IN 1967, Abbie Hoffman, his wife, Anita, and I took a work-vacation in Florida, renting a little house on stilts in Ramrod Key. We had planned to see “The Professionals.” “That’s my favorite movie,” Abbie said. “Burt Lancaster and Lee Marvin develop this tight bond while they’re both fighting in the Mexican Revolution, then they drift apart.”
But it was playing too far away, and a hurricane was brewing, so instead we saw the Dino De Laurentiis version of “The Bible.” Driving home in the rain and wind, we debated the implications of Abraham being prepared to slay his son because God told him to. I dismissed this as blind obedience. Abbie praised it as revolutionary trust.
This was the week before Christmas. We had bought a small tree and spray-painted it with canned snow. Now, we were tripping on LSD as the hurricane reached full force. We watched Lyndon Johnson on a black-and-white TV set, although LBJ was purple and orange. His huge head was sculpted into Mount Rushmore. “I am not going to be so pudding-headed as to stop our half of the war,” he was saying, and the heads of the other presidents were all snickering and covering their mouths with their hands so they wouldn’t laugh out loud. This was the precise moment we acknowledged that we’d be going to the Democratic convention in August to protest the Vietnam War. I called Jerry Rubin in New York to arrange for a meeting.
On the afternoon of Dec. 31, several activist friends gathered at the Hoffmans’ Lower East Side apartment, smoking Colombian marijuana and planning for Chicago. Our fantasy was to counter the convention of death with a festival of life.
We needed a name to signify the radicalization of hippies, and I came up with Yippie as a label for a phenomenon that already existed, an organic coalition of psychedelic hippies and political activists. In the process of cross-fertilization at antiwar demonstrations, we had come to share an awareness that there was a linear connection between putting kids in prison for smoking pot in this country and burning them to death with napalm on the other side of the planet. Our nefarious scheme worked. After we held a press conference, the headline in the Chicago Sun-Times read, “Yipes! The Yippies Are Coming!” What would later happen at the convention led to the infamous trial for crossing state lines to foment riot. As an unindicted co-conspirator, I felt like a disc jockey who hadn’t been offered payola.
Flash ahead to 2005 and the chain of events that led me to this year’s Sundance Film Festival.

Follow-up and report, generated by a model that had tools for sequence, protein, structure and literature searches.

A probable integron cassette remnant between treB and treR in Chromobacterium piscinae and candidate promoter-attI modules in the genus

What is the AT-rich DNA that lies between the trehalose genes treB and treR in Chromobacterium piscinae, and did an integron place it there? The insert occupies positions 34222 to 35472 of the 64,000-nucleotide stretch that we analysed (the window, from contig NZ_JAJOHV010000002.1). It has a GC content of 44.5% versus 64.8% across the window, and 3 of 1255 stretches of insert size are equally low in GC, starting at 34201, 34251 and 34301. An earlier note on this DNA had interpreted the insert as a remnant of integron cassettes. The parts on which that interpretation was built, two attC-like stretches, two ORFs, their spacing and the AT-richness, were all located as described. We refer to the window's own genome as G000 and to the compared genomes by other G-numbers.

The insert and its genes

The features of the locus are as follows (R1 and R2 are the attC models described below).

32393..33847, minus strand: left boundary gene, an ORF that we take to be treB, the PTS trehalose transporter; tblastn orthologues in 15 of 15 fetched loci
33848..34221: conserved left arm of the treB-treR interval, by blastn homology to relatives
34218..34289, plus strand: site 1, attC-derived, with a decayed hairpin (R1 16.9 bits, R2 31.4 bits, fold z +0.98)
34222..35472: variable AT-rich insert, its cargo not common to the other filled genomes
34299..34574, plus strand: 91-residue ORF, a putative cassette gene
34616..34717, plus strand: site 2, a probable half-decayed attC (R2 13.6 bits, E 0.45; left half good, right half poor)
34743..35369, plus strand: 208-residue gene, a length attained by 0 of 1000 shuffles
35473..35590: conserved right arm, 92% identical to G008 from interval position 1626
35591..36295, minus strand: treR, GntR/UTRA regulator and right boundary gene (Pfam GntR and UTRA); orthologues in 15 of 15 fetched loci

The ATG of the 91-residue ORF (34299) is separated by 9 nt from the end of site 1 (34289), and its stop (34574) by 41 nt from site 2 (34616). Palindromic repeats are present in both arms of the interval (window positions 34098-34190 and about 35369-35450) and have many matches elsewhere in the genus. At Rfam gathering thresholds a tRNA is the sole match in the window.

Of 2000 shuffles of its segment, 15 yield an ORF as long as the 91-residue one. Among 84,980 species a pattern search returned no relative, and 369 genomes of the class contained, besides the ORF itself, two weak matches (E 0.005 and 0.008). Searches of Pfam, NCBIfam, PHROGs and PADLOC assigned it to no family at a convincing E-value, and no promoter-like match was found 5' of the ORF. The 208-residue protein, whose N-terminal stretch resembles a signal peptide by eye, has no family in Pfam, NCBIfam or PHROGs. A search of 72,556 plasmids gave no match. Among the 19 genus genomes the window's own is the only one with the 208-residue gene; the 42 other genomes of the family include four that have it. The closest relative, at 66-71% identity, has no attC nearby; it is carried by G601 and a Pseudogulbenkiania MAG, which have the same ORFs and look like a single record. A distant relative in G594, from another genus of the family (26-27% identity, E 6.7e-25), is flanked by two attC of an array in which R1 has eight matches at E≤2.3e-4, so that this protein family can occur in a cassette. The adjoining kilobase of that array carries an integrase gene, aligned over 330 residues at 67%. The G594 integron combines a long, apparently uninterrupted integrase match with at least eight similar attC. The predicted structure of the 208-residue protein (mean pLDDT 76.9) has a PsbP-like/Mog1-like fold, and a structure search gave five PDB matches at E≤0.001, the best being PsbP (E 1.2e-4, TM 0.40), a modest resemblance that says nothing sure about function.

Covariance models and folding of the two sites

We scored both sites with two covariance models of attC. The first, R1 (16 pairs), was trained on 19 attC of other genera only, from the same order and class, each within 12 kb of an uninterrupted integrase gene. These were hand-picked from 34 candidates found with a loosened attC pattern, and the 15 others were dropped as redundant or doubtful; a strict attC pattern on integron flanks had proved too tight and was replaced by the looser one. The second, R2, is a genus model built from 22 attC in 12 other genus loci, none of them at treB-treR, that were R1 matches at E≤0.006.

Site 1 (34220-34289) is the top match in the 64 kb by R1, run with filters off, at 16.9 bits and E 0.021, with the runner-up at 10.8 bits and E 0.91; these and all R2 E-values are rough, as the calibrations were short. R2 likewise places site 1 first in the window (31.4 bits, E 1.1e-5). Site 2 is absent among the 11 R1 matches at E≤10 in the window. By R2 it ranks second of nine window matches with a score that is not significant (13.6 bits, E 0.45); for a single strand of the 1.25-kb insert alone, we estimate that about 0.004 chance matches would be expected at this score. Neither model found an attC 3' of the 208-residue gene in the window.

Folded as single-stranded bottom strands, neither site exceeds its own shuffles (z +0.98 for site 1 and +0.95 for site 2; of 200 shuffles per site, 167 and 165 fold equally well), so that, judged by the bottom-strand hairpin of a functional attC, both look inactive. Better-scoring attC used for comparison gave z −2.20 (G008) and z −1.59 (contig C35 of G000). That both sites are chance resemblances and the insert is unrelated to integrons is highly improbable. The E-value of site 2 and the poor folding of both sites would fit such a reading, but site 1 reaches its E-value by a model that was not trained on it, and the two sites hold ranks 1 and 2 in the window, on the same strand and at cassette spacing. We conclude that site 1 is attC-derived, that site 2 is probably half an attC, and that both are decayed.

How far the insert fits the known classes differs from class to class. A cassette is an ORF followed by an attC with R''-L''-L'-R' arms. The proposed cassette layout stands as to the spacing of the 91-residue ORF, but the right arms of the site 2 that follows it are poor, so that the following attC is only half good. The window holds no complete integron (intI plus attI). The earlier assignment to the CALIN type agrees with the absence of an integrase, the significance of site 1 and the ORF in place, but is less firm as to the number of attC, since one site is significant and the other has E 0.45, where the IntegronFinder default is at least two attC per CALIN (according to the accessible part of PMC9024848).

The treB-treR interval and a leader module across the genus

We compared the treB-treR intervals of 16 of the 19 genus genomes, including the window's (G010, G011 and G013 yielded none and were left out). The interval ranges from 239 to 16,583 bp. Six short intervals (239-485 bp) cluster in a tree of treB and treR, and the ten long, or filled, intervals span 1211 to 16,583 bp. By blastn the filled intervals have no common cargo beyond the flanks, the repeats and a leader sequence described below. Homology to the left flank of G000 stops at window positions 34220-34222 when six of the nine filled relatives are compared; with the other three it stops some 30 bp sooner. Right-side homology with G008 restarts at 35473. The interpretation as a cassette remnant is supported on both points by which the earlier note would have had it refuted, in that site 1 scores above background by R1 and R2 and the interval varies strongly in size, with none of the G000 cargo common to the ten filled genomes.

I got a call from director Brett Morgen (“The Kid Stays in the Picture”), who was working on a documentary about the 1960s antiwar movement. It would have no narrator and no talking heads, only archival footage and animated reenactments based on actual events and transcriptions of trial testimony. However, Allen Ginsberg levitating during meditation can be construed as cartoonic license. Brett invited me to write four specific animated scenes:
1. “Birth of the Yippies": This would include the hurricane, the meeting and the press conference. Excerpt: "[T]he house is shaking mightily on its stilts. ABBIE, ANITA and PAUL are looking out the window through wildly waving curtains as the house feels like it will be swept away. ..ABBIE [screaming]: This whole house is gonna blow straight out to Cuba! [lightning strikes] We’re coming, Fidel! [sound of thunder] Sock it to us, God!’
2. “Got Permit?": We meet with Chicago Deputy Mayor David Stahl, attempting to get a permit for the revolution ... oops, I mean permits to sleep in the park, set up a sound system and march to the convention center. Excerpt: “STAHL: C’mon, tell me, what do you guys REALLY plan to do in Chicago? PAUL: Did you ever see that movie “Wild in the Streets”? [A thought balloon shows the image of a group of teenagers dumping LSD into the water supply.] STAHL: We’ve seen “Battle of Algiers.”
(The Chicago Tribune later reported that Bob Pierson -- a police provocateur disguised as a biker and acting as Jerry’s bodyguard -- was “in the group which lowered an American flag” in Grant Park, the incident that set off what an official report would describe as “a police riot.” He admitted striking police with one or more weapons.”)
3. “Acid Testimony": I decide to take a tab of LSD at lunch before testifying -- call me a sentimental fool. Abbie was furious and stopped speaking to me. Ten months later, I mailed him a movie ad for “The Professionals,” which resulted in a reconciliation.